Text and photos by SCOTT FYBUSH
After several busy days on the road around Texas in September 2019, we’d thought that perhaps getting to the weekend might give us a day to sleep in a little. After a fairly late Friday night at the Astros, Saturday morning was going to be a late, leisurely start to do some driving around more parts of Houston… right?
Well, not so much. At some point Friday, we remembered that old friend Paul Easter (who’d previously given us some great tours in Chicago many years ago) was in Houston these days. Turns out Paul and some of the other local Houston engineers and ham operators have a standing Saturday morning breakfast, not too far down the freeway from where we were staying, and we couldn’t say no to some radio talk… and so the alarm was set early for Saturday and off we went to Denny’s.
Paul had just changed jobs at that point, moving to a new gig as chief of the small Cox Radio cluster in town. Logistics prevented a tour of that facility, but guess what? Paul still had the keys from his previous Houston job, as chief engineer of KHCB Christian radio, where he was still helping out, and did we want to stop by there and see the place, since he had some equipment to pick up?
Of course we did – and so after breakfast, we headed back up the Southwest Freeway toward downtown, turning off a few miles southwest of downtown on Kirby Drive, just past the tall office buildings where we’d showed you the iHeart and Entercom studios earlier.
“South Boulevard” sounds like it’s a grand artery, right? It’s actually a side street that runs just a few blocks, lined in typical no-zoning Houston fashion by a mix of apartments, single-family bungalows and office buildings, including the stout brick building that KHCB has called home since 1979.
But KHCB’s history goes back two decades before it landed here. It grew out of a weekend radio ministry that aired on the old KTHT (790, later KULF, KKBQ and KBME) but lost its airtime as block programming gave way to formatted radio. Its founders initially sought to buy the dark KXYZ-FM (96.5, later KAUM/KSRR/KHMX), but were rebuffed. An unbuilt CP, Walter Caldwell’s KWDC (105.7), became available, and after getting new calls and a new studio in a vacant storefront on Almeda-Genoa Road south of the city , KHCB hit the air with 3100 watts in March 1962.
KHCB’s initial growth was slow. Piecemeal power increases at its original Holmes Road tower site eventually got the station to 100,000 watts. (Later in the 1980s, KHCB was one of the handful of big FMs in town that didn’t join the Senior Road tower consortium; instead, it maintained full class C height by leasing space from KPRC-TV on that station’s new tall tower, where it has remained since 1985.)
In the early 1980s, though, satellite technology brought new opportunities to KHCB, which leased transponder space and began beaming its programs to home listeners and eventually to translator and relay stations across Texas and in other parts of the country.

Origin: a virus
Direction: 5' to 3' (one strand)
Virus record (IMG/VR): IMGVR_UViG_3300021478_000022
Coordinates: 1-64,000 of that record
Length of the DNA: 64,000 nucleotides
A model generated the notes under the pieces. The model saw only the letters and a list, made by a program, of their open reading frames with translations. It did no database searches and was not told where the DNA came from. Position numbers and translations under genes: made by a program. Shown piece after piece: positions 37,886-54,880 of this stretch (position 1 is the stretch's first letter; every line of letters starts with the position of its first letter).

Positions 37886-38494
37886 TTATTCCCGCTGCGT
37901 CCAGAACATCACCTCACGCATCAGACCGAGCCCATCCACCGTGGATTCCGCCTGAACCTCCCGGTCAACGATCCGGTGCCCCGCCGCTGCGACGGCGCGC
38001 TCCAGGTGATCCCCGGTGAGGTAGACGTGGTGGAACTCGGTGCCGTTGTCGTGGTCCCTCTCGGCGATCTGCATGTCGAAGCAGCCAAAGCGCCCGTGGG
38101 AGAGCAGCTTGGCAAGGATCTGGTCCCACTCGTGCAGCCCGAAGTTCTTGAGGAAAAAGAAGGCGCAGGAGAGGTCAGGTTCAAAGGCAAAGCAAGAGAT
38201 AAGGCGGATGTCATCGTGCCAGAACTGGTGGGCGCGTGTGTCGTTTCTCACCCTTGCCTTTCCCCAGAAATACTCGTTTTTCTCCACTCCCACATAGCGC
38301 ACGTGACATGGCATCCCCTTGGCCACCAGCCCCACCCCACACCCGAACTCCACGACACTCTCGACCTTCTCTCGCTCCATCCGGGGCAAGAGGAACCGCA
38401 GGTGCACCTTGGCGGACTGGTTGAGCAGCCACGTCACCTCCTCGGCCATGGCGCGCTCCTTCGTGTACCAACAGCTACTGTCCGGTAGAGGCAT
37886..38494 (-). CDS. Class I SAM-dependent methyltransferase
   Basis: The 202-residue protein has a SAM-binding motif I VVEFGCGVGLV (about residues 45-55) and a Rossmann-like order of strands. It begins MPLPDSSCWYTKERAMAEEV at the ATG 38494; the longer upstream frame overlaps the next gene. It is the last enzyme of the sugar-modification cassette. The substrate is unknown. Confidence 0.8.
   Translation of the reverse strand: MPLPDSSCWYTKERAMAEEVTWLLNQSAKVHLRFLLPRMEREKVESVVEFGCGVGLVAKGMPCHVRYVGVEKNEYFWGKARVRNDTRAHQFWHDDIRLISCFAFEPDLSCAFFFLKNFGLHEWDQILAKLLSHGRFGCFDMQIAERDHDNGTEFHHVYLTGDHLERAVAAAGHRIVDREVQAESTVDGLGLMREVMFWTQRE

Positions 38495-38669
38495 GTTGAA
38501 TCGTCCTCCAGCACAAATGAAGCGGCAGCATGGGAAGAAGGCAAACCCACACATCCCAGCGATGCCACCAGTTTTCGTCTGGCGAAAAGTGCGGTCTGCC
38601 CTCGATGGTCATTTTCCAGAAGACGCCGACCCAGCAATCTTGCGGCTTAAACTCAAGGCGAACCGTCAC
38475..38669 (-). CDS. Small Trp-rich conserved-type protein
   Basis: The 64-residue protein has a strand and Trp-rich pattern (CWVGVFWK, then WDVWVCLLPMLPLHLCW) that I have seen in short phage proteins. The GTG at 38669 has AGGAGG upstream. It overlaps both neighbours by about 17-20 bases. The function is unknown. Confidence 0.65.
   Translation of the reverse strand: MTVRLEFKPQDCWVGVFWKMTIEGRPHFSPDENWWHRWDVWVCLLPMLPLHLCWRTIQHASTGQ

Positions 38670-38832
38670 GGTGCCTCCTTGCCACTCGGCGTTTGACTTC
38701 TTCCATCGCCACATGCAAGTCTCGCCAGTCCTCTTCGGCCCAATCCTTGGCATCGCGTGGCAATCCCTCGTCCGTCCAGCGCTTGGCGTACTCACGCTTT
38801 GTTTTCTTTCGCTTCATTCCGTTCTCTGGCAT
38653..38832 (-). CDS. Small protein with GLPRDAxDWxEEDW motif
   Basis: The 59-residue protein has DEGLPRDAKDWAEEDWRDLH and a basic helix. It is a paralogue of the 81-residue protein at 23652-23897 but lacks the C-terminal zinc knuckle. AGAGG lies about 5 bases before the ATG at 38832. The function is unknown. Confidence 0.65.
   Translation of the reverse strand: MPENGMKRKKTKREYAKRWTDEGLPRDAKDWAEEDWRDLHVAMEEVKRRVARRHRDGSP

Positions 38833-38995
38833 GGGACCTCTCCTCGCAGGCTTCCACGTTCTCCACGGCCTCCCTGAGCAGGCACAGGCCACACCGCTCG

(Want more on KHCB’s early history? There’s a book, which they’ve put on their website.)
Look at the maps on the long hallway that runs the length of the South Boulevard building today and you’ll see a list of some 30 full-power stations that are owned by Houston Christian Broadcasters, as far afield as Arkansas, Oklahoma and Florida, plus a dozen translators.
Supporting that field effort on a limited budget is a feat of engineering derring-do. There’s a big space at the back of the building that was designed back in 1979 as a large studio for live productions. Today, it’s used mainly as engineering offices and a warehouse, with plenty of transmitters, satellite receivers, antennas and other gear in a constant state of refurbishment and repair and being shipped to and fro to keep the networks on the air.
Networks, plural? Why, yes – in the 1980s, HCB began producing programming in Spanish, which led to the purchase in 1990 of what’s now KHCB (1400) in Galveston. Later moved closer to Houston in League City, the KHCB AM facility is the flagship of HCB’s “Radio Amistad” network, one of several foreign-language ministries that also include programming in Chinese and Vietnamese.
Radio Amistad’s small studio suite is down at the far end of the main studio hallway, with a tidy control room looking into a little talk studio.
Making our way back toward the front of the building, we pass offices on one side of the hall and more studio and technical space on the other side. There’s a rack room back here that handles both downlinks and uplinks of satellite feeds, EAS for the flagship stations, and other aspects of engineering for the broadcast networks. And there’s more studio space for recording programming for later airing (and for distribution via everything from cassettes and CDs to podcasting.)
We’ve made our way back around to the front of the building now, where the main KHCB-FM studio space sits just behind the front lobby. The operator on the air sits with his back to a room filled with music and recorded programming from the days before digital automation, plus racks for duplicating cassettes and CDs.
There’s nothing especially shiny or modern in this 40-year-old building, which is bursting at the seams, but in an era when so much Christian radio is following the same consolidation path as secular commercial radio, it’s nice to see a local and regional operation that’s still alive and well as it approaches its sixtieth birthday.
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Next week: Just around the corner from KHCB, driving by Houston’s TV studios